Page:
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December 16, 2002: Whirlwind and wet

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I am writing this, barely awake after a four-hour long session of the most fun AD&D game I've played in a long time. Richard's a good game master, and the group is all just as warped as he and I, so we spent a lot of time with our heads down on the table, laughing hysterically. It probably helped that we were ingesting great quantities of cookies and fudge, and not nearly enough caffeine.

They all just left, and the house is strangely quiet once again. The quiet is even more pronounced when compared to last night. It stormed, harder than anything we've experienced since we moved to this town. We've known for quite a while that we're smack in the middle of a wind tunnel, but last night the wind roared so fiercely and the rain pounded so hard that I couldn't sleep. It sounded like it was going to come through the roof and walls; as if any minute the windows would burst apart and the rain would come in. There was nowhere in the house to escape the noise, and by 4am I finally resorted to using a pair of earplugs to at least try to get some sleep, even though I usually cannot sleep with earplugs in.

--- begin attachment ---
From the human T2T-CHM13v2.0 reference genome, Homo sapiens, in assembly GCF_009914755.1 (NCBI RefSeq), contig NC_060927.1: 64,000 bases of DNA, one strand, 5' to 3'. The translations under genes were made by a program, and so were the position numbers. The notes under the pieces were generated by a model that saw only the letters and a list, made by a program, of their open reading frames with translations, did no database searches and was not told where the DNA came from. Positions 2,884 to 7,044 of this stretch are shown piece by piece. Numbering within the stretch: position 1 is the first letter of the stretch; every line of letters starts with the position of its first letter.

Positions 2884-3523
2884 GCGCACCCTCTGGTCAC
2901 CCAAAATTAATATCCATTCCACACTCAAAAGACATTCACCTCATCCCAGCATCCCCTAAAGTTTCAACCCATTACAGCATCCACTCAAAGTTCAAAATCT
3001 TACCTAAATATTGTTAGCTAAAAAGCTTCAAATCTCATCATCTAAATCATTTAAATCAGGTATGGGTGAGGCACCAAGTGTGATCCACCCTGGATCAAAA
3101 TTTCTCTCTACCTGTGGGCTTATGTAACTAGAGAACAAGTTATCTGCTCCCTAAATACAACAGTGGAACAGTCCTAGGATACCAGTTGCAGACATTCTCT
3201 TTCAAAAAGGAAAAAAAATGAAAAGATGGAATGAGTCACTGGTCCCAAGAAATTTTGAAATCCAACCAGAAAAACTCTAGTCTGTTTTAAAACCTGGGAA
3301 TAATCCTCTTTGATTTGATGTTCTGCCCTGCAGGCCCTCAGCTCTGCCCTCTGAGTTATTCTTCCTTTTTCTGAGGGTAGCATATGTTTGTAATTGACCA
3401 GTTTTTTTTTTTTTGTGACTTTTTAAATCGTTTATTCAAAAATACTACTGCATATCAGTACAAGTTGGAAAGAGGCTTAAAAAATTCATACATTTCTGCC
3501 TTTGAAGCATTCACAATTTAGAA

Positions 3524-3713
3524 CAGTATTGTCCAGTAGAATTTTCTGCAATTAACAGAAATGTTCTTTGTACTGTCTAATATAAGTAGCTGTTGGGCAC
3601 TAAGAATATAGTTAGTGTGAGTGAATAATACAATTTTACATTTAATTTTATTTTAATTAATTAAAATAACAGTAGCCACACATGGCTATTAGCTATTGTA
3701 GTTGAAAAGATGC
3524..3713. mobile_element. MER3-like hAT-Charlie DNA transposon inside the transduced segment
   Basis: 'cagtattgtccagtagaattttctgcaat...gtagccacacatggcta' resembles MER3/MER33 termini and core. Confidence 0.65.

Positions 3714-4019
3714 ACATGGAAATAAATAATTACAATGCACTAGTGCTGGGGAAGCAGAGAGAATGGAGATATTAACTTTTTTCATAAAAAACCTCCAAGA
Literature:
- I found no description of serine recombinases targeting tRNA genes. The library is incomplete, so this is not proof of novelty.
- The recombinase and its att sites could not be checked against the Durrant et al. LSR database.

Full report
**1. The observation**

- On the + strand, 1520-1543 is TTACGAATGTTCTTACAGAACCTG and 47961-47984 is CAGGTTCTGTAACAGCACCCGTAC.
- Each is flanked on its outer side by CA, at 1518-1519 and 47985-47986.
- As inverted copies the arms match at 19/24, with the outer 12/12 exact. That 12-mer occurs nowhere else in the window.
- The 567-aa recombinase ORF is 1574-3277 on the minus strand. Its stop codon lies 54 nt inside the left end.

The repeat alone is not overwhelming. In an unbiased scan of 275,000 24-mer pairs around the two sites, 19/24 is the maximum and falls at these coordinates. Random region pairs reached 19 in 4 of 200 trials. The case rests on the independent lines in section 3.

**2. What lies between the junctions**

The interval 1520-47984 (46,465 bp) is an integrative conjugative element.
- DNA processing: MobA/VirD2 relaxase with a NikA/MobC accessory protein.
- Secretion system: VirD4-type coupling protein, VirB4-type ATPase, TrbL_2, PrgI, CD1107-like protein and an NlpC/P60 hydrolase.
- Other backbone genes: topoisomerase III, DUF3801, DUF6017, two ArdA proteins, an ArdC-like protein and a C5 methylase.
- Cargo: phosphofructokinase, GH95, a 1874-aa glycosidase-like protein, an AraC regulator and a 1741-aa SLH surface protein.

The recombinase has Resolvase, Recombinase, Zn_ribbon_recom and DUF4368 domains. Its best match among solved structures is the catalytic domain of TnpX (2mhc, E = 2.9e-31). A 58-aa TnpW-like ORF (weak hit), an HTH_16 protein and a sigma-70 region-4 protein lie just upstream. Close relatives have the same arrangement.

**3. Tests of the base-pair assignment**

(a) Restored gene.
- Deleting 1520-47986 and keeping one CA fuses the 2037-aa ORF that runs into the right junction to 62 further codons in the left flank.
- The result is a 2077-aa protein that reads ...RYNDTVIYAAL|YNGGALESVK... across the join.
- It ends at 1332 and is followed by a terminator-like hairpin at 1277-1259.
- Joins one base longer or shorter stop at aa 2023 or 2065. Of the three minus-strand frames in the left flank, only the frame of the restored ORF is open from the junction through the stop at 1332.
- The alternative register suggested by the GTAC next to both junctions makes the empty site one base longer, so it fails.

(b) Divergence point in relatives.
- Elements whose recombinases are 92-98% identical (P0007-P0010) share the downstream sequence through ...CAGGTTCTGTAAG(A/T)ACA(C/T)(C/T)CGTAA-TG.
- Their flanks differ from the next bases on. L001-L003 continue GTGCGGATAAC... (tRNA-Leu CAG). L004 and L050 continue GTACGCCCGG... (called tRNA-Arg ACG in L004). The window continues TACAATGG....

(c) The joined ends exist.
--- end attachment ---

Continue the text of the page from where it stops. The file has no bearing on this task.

We woke up to bright sun shining, even amid the occasional sprinkle, and gusts of wind creating ripples across the brand new lake in our backyard. The poor birdfeeder fell over and was swimming in the water, along with one of our lawn chairs. My father reported that sections of I-80 were flooded, and that when they woke up, all the trashcans in the neighborhood were singing sailing songs as they floated merrily around in the lake that had miraculously sprung up in front of their house.

Despite the fierceness of the wind, the dragon on the roof has not budged. If I was even the slightest bit worried about him falling off before, I know now that he's on for good. The weather reports indicate that the storm may be back in the days ahead, but perhaps with not so much force. A friend in Sacramento lost a tree, and the power flickered on and off briefly this morning, but otherwise there was surprisingly little damage. With the strength of these winds (apparently the paper reported speeds of up to 100 mph) I would have expected much, much more.

We printed out all the Christmas letters and signed all the cards and sealed them up and then drove them off to the post office to put them all into the mail. One box of presents for relatives later, we were completely done. I've packed up most of the cookies and put them in the freezer so they'll survive until next week to be doled out to friends and neighbors and family. There are still a few presents arriving to be wrapped. But otherwise, we are completely ready for Christmas. I have never in my life been this prepared for a major holiday before. I am still waiting to figure out whatever it is that I've obviously forgotten to do.

Tis the season for Holidailies!

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